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About Emblem of India
The emblem of India is an adaptation of the Lion Capital of Ashoka at Sarnath, preserved in the Sarnath Museum.
In the original Sarnath capital there are four Asiatic lions standing back to back – symbolizing power, courage, pride, and confidence – mounted on a circular abacus. The abacus is girded with a frieze of sculptures in high relief of an elephant, a horse, a bull, and a lion, separated by intervening wheels, over a lotus in full bloom, exemplifying the fountainhead of life and creative inspiration. Carved out of a double block of polished sandstone, the capital is crowned by the Wheel of the Law.
In the emblem adopted by the government in 1950 only three lions are visible, the fourth being hidden from view. The wheel appears in relief in the centre of the abacus, with a bull on the right and a galloping horse on the left, and outlines of Dharma Chakras on the extreme right and left. The bell-shaped lotus beneath the abacus has been omitted.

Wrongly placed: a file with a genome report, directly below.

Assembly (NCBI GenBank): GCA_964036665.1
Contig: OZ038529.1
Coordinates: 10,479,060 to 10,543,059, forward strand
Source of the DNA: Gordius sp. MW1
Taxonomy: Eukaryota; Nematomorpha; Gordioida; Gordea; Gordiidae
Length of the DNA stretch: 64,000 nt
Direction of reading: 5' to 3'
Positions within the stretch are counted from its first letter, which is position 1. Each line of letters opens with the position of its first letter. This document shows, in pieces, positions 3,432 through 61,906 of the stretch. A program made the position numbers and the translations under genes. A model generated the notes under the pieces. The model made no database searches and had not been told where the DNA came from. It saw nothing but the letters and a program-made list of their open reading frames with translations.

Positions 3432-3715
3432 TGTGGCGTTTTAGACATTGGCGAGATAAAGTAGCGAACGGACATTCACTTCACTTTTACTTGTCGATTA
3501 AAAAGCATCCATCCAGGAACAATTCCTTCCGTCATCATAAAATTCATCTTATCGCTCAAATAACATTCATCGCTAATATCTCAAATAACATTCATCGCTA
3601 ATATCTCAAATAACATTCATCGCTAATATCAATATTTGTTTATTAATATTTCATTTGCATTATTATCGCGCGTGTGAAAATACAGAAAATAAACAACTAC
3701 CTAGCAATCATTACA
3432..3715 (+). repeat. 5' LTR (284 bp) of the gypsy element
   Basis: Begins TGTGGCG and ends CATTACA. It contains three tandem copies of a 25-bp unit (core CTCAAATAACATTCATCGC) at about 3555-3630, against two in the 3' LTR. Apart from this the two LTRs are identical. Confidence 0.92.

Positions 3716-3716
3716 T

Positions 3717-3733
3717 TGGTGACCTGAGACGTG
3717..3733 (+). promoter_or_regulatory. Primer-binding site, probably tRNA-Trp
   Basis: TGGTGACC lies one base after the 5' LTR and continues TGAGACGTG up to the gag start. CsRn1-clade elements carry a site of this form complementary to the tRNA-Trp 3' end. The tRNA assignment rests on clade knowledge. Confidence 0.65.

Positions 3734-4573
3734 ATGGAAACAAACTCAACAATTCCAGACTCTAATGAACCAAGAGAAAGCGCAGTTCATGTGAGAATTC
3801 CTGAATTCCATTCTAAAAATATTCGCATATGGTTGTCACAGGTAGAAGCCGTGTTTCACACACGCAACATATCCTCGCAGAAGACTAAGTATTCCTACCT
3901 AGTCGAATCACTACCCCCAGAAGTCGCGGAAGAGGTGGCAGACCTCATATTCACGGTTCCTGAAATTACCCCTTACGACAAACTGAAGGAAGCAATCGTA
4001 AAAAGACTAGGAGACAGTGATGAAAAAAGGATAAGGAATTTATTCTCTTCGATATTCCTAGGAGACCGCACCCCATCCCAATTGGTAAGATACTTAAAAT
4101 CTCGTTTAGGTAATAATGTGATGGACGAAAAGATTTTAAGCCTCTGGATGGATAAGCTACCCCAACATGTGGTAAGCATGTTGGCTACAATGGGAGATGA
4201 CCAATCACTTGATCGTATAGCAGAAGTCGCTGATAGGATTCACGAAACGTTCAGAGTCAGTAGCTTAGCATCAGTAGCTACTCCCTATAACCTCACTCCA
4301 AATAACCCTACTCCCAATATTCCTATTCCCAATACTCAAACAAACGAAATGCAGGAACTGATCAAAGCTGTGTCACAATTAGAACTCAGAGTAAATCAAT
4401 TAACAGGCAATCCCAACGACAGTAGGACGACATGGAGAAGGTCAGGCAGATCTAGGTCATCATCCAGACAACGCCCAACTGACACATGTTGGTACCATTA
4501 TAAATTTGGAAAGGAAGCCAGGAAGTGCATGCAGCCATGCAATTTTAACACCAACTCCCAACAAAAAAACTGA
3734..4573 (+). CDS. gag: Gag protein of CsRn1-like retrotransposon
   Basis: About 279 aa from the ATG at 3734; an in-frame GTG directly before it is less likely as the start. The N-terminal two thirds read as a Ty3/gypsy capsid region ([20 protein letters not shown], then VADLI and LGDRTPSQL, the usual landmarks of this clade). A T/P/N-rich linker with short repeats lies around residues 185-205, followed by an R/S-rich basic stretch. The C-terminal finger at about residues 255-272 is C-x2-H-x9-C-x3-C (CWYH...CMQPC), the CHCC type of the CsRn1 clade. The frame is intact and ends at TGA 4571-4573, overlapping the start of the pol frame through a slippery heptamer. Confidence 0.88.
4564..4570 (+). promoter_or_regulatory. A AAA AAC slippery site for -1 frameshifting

Emperor Ashoka the Great, guided by his first wife, Samragyi Vidisha Devi, who was a Buddhist, erected the capital to mark the spot where Gautama Buddha first taught the Dharma and where the Buddhist Sangha was founded. Forming an integral part of the emblem is the motto inscribed below the abacus in Devanagari script: Satyameva jayate. This is a quote from Mundaka Upanishad, the concluding part of the sacred Hindu Vedas.
This National Emblem was adopted on 26 January 1950, the day that India became a republic.
The emblem forms a part of the official letterhead of the Government of India, and appears on all Indian currency as well. It also sometimes functions as the national emblem of India in many places and appears prominently on Indian passports. The “Ashoka Chakra” from its base has been placed onto the centre of the National Flag of India.